« Last Edit: November 10, 2018, 07:35:42 PM by zonie »

Re: Meat freshness
« Reply #10 on: November 09, 2018, 04:18:21 PM »
Once, when hunting doves down in Mexico, maybe seventy miles in, we were driving into a little town for some minor supplies.  We saw an already bloating dead cow on the side of the road, legs already sticking out a little.  Our main guide said, "I'm surprised nobody has butchered it yet."  When we were returning from the little town, there was a family, of five or six, cutting it up.  The several of us in the crew cab truck, kind of all "sphinctered up" a little.  But then again, the natives there can drink that water without dying either.  Coming soon to America, unless we build that wall.  MM

Re: Meat freshness
« Reply #11 on: November 09, 2018, 04:50:15 PM »
Mark V Hunter: What was your decision keep it or not? We have not heard from you so hope that is not a bad omen. ;D
Roger
Faster horses,younger women,older whiskey,and more money.

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Re: Meat freshness
« Reply #12 on: November 09, 2018, 05:59:58 PM »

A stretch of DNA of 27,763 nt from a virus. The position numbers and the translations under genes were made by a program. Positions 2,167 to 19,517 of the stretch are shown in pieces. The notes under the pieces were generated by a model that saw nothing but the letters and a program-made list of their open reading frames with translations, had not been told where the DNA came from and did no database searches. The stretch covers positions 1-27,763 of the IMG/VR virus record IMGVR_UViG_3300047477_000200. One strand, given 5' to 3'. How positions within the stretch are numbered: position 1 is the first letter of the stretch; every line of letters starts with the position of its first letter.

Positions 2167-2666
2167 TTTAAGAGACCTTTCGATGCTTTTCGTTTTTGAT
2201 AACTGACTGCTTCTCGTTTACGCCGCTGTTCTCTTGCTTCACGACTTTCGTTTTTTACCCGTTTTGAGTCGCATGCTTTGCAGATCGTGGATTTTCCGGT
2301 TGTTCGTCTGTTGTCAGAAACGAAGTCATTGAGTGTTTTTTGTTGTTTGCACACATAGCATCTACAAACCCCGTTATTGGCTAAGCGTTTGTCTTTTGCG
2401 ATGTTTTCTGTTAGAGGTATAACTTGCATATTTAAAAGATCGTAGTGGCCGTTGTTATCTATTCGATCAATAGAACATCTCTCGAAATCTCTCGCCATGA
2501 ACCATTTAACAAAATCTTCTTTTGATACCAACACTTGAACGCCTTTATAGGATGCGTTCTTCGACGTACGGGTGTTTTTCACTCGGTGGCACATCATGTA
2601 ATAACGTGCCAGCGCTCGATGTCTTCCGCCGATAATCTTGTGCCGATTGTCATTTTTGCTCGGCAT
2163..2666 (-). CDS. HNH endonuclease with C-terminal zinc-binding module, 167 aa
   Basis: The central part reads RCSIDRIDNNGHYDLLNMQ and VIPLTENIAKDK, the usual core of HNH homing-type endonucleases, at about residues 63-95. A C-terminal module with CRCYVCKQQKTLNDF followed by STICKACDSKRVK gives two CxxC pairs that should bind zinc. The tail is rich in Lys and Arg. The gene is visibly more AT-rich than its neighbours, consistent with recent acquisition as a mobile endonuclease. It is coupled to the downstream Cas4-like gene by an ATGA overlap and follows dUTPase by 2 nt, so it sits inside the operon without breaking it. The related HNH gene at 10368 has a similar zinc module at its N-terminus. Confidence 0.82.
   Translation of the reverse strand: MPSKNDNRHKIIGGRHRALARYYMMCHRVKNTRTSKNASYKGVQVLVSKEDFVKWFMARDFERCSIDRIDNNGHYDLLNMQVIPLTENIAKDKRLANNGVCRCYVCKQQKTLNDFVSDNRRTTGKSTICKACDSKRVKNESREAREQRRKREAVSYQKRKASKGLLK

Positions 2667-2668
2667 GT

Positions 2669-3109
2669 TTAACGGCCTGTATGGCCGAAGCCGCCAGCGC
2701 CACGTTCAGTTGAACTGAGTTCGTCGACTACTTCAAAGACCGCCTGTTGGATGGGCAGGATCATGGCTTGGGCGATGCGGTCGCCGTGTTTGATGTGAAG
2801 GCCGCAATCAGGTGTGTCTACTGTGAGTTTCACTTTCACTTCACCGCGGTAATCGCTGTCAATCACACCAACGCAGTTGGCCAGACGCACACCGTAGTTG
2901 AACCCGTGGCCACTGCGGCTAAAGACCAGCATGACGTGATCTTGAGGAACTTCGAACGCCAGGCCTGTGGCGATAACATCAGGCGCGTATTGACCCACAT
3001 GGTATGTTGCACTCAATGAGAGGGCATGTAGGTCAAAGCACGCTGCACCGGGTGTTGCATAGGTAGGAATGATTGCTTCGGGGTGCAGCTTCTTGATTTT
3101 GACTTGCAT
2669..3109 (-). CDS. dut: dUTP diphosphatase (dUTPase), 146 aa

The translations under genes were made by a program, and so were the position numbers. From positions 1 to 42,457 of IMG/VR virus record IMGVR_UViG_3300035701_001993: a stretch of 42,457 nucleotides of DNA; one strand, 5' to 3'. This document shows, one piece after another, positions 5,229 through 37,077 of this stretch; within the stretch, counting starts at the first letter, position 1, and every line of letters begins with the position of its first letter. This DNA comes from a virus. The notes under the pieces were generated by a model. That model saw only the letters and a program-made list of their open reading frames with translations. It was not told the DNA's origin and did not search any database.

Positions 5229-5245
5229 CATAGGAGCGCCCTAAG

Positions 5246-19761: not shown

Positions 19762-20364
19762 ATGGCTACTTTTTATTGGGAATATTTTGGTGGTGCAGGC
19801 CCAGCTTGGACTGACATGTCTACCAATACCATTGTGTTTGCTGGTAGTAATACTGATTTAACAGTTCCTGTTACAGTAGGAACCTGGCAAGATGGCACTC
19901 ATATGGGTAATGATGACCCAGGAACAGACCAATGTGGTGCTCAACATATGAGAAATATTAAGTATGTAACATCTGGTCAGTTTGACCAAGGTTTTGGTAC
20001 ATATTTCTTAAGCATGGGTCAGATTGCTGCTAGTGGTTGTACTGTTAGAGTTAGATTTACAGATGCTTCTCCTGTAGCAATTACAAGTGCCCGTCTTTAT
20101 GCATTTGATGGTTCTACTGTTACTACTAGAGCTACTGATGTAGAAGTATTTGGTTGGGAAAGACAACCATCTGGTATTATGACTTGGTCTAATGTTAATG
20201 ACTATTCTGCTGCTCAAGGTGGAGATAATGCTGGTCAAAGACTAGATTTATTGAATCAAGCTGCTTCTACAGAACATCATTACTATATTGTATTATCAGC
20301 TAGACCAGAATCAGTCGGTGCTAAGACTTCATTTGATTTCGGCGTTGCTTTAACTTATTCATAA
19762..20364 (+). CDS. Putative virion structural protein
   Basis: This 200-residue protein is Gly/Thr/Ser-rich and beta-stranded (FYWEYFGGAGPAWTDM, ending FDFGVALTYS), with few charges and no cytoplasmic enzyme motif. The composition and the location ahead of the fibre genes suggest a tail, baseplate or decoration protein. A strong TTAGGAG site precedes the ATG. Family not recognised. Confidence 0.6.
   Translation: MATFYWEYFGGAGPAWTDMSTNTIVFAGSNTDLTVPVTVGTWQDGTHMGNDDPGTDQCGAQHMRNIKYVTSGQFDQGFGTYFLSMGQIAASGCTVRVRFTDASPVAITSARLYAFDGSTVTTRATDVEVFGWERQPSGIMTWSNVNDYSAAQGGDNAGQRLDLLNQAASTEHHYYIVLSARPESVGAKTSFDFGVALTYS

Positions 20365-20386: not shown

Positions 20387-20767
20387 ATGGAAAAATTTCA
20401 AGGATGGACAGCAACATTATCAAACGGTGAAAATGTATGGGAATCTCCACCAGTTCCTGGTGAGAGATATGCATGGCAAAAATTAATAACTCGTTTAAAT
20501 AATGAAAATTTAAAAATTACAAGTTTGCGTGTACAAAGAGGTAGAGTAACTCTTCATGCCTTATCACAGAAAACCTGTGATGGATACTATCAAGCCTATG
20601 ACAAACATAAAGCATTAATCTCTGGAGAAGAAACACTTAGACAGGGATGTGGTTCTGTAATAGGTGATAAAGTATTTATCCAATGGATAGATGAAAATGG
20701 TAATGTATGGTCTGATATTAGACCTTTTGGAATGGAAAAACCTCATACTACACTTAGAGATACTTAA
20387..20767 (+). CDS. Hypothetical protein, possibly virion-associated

Can you say "back door trot"
Sorry... Yesterday was the last and final day for any and all complaints whatsoever.

I try to avoid temptation unless I can't resist it.

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Re: Meat freshness
« Reply #13 on: Today at 11:36:26 AM »
Hey all. I'm sorry for the delayed follow up. Unfortunately, my father and I decided to not risk eating the deer.

Like mentioned above, had I not field dressed it, I probably could have salvaged the hing quarters and back strap. But the body cavity had already went bad. Green meat around ribs and all. I got it home and tried to rinse it off with a hose but the smell and washed onto the rest of the deer from the field dress.

I learned some valuable lessons with that deer that I will hold onto forever. I hated to kill an animal that didnt make it to my table, but I can say I did all I could do to make that happen.

Thanks again for all of the wisdom. You guys never let down.

mark v hunter
Will work for Weatherby

Re: Meat freshness
« Reply #14 on: Today at 11:55:17 AM »
I think you made the right choice, as much as it sucks to waste the deer it's a better choice than getting food poisoning.   I had that once and I don't EVER want it again.
Nothing is better than a Weatherby, big bore magnum, or a Colt.